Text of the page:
technologies the consumer expects and wants,” Mott said. “When members take a card and put it in the machine, they don’t understand the encryption and all of the security that’s gone on in the background. They just know they put their card in, they put in the PIN, and they say, ‘I want 20 bucks’ and magically 20 bucks pop out.” Vantage West has its own ideas about where it’s headed with technology – and watching the large banks helps the company keep up with the latest and greatest offerings available. Mott said industry partners and vendors do that by exchanging information and new ideas. But he goes a step further with his own personal information gathering – by keeping a personal account with a large bank to get a firsthand look at what they offer their customers. “I say, ‘OK, they’re doing it right. How can we mimic that and build an online experience like that – but better?’ ” The next big thing – at least for Vantage West, Mott said, is full-service kiosks similar to ATMs but that do more than the standard machines, where banking generally is limited to deposits, cash withdrawals, transfers and checking balances. Mott sees this as “tellerless” banking and “the bank of the future.” After researching members’ needs and looking at industry trends, the company moved to pilot a new concept and added full-service kiosks at the branch www.BizTucson.com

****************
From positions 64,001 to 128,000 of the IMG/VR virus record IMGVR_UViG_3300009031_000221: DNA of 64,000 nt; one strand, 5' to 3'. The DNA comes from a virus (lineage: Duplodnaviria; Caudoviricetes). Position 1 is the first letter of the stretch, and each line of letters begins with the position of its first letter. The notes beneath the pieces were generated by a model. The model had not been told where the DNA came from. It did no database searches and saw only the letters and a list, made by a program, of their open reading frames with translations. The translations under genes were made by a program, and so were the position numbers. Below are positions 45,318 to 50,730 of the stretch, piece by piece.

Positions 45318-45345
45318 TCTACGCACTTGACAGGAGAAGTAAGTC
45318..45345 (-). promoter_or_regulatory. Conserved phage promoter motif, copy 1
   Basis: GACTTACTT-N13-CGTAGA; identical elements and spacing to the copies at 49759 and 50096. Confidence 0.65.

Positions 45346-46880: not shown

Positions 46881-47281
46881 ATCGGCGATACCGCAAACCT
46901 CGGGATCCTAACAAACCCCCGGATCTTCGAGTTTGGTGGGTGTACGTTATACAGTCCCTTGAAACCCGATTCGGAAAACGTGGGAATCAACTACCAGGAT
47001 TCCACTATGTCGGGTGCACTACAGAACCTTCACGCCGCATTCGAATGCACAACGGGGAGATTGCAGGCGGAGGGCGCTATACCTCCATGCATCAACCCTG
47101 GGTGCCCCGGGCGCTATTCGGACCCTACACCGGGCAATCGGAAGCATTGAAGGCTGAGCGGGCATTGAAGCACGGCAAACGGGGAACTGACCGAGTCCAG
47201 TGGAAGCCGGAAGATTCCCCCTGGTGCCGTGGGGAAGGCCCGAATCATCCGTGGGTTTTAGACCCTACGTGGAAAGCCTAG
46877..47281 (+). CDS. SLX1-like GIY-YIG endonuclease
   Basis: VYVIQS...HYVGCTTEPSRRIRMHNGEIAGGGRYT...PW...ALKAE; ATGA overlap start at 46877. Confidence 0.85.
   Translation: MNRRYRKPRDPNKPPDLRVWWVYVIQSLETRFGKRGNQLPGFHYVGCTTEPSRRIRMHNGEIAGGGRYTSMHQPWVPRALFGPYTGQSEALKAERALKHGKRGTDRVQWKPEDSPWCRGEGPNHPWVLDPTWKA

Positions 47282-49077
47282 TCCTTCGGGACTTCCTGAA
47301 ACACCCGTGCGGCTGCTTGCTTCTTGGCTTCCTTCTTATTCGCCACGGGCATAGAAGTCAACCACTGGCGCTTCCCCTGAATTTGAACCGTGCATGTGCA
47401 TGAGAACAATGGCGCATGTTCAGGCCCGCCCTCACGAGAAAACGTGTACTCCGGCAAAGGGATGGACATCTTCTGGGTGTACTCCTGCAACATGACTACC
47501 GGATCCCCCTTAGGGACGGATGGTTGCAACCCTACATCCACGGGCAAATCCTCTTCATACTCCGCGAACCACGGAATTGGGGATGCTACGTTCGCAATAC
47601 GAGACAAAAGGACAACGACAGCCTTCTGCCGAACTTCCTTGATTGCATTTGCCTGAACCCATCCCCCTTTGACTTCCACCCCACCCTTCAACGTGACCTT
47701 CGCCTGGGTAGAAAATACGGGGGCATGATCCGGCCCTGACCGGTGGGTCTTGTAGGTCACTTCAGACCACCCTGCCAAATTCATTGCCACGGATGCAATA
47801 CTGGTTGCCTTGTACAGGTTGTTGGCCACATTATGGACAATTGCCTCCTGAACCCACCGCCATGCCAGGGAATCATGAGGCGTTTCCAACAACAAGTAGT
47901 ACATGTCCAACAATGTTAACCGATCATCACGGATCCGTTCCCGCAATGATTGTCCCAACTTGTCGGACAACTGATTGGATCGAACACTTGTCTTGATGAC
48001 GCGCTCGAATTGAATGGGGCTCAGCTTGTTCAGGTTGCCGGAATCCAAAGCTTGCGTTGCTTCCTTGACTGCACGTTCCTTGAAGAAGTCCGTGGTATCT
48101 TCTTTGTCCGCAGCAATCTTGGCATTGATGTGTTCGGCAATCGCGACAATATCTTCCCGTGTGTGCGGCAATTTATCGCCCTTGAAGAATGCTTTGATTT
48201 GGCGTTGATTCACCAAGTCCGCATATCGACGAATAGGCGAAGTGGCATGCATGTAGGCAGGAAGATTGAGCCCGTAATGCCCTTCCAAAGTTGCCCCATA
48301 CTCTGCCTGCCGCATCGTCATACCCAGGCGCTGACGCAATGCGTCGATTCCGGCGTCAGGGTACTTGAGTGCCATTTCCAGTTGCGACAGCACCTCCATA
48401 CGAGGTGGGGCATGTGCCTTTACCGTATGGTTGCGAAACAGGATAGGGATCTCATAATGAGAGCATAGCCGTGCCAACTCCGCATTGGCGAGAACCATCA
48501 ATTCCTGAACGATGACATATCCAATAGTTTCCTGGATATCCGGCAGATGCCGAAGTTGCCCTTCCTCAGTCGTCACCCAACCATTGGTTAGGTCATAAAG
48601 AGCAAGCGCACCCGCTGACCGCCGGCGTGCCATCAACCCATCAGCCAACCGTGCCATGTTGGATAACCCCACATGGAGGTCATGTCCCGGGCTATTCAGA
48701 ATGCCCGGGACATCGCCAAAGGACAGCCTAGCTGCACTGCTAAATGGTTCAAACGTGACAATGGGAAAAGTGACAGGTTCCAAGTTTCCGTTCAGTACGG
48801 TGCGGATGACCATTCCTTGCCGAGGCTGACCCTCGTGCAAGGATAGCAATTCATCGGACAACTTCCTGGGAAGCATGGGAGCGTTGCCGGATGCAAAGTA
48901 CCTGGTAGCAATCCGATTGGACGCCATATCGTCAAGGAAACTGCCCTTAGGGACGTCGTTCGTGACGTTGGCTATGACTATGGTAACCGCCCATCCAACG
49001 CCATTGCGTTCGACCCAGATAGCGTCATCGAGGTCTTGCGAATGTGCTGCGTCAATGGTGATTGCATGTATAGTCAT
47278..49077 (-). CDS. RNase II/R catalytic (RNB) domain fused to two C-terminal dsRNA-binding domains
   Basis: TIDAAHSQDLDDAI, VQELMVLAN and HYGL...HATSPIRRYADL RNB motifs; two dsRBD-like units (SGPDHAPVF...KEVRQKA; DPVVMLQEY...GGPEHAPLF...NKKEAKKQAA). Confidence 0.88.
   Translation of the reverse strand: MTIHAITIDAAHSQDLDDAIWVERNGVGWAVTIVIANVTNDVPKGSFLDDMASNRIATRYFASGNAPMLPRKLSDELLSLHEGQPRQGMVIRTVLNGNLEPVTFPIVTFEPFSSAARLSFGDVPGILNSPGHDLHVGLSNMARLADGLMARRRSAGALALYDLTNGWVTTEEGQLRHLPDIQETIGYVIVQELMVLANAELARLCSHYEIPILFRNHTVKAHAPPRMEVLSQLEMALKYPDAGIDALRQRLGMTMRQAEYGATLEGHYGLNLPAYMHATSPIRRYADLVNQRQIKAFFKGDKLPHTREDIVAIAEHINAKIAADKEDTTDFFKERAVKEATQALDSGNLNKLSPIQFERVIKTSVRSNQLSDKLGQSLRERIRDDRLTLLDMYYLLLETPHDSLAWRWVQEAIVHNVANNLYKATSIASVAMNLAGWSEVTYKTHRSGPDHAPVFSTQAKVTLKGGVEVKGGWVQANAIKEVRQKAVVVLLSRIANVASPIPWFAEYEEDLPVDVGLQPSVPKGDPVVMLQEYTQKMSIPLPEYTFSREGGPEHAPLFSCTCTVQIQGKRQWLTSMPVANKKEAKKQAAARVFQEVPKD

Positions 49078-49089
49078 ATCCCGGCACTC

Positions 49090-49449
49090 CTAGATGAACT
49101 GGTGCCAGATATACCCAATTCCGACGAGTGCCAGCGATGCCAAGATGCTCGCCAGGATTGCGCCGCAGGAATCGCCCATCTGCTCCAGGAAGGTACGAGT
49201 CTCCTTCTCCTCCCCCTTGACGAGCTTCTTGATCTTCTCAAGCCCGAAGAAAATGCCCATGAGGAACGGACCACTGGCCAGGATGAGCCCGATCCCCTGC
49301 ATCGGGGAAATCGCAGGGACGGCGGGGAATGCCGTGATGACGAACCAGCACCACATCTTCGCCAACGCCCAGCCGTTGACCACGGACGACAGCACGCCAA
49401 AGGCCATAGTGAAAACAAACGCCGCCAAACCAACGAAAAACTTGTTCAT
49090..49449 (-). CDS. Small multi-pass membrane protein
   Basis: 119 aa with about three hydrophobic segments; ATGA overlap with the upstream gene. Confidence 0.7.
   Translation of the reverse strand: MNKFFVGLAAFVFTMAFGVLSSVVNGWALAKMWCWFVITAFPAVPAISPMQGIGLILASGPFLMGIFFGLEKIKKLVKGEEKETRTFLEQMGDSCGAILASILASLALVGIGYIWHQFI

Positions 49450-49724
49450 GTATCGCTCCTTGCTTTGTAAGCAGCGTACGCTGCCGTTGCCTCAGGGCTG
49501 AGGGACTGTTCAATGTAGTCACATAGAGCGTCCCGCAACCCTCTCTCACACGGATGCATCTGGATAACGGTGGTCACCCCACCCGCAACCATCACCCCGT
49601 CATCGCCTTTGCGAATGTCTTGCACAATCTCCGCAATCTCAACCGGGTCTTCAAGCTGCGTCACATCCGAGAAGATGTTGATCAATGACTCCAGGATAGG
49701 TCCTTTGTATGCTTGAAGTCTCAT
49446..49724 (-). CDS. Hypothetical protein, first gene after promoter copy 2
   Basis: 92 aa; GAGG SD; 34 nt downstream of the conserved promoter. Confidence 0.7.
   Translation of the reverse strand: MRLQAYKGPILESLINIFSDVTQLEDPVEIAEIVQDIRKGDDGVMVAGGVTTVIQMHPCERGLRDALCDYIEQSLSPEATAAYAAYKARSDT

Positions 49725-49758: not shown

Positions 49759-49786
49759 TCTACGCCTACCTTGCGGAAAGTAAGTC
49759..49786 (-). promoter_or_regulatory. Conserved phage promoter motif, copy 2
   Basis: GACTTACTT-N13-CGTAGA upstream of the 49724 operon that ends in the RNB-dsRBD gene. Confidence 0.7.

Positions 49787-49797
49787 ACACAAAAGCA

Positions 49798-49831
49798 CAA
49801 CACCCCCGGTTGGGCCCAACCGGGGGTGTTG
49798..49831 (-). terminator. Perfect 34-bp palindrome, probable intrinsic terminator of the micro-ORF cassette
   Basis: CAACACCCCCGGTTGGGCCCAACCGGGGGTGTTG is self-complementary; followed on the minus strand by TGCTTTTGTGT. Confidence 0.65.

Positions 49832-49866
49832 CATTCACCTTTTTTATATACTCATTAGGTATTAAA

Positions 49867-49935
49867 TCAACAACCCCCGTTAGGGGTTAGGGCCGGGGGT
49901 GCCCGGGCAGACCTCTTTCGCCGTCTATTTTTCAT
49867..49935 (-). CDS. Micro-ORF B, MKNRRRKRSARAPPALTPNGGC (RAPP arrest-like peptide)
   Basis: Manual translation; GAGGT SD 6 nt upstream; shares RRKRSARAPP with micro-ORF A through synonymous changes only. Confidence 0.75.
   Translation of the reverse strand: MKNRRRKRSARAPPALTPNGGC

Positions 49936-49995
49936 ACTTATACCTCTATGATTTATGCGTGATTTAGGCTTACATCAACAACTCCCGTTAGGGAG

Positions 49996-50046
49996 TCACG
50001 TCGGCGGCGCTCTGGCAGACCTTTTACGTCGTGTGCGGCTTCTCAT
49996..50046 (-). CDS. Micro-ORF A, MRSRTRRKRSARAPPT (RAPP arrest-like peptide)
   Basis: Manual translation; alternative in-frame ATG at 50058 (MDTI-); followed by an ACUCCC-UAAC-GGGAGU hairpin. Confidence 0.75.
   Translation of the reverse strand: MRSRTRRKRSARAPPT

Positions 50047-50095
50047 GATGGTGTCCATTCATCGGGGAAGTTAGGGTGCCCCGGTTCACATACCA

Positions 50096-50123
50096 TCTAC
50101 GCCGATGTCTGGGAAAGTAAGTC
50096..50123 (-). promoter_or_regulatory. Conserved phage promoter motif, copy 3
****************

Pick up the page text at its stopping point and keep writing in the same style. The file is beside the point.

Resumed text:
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Steve Mott

Senior VP of Technology Vantage West Credit Union

PHOTO: BRENT G. MATHIS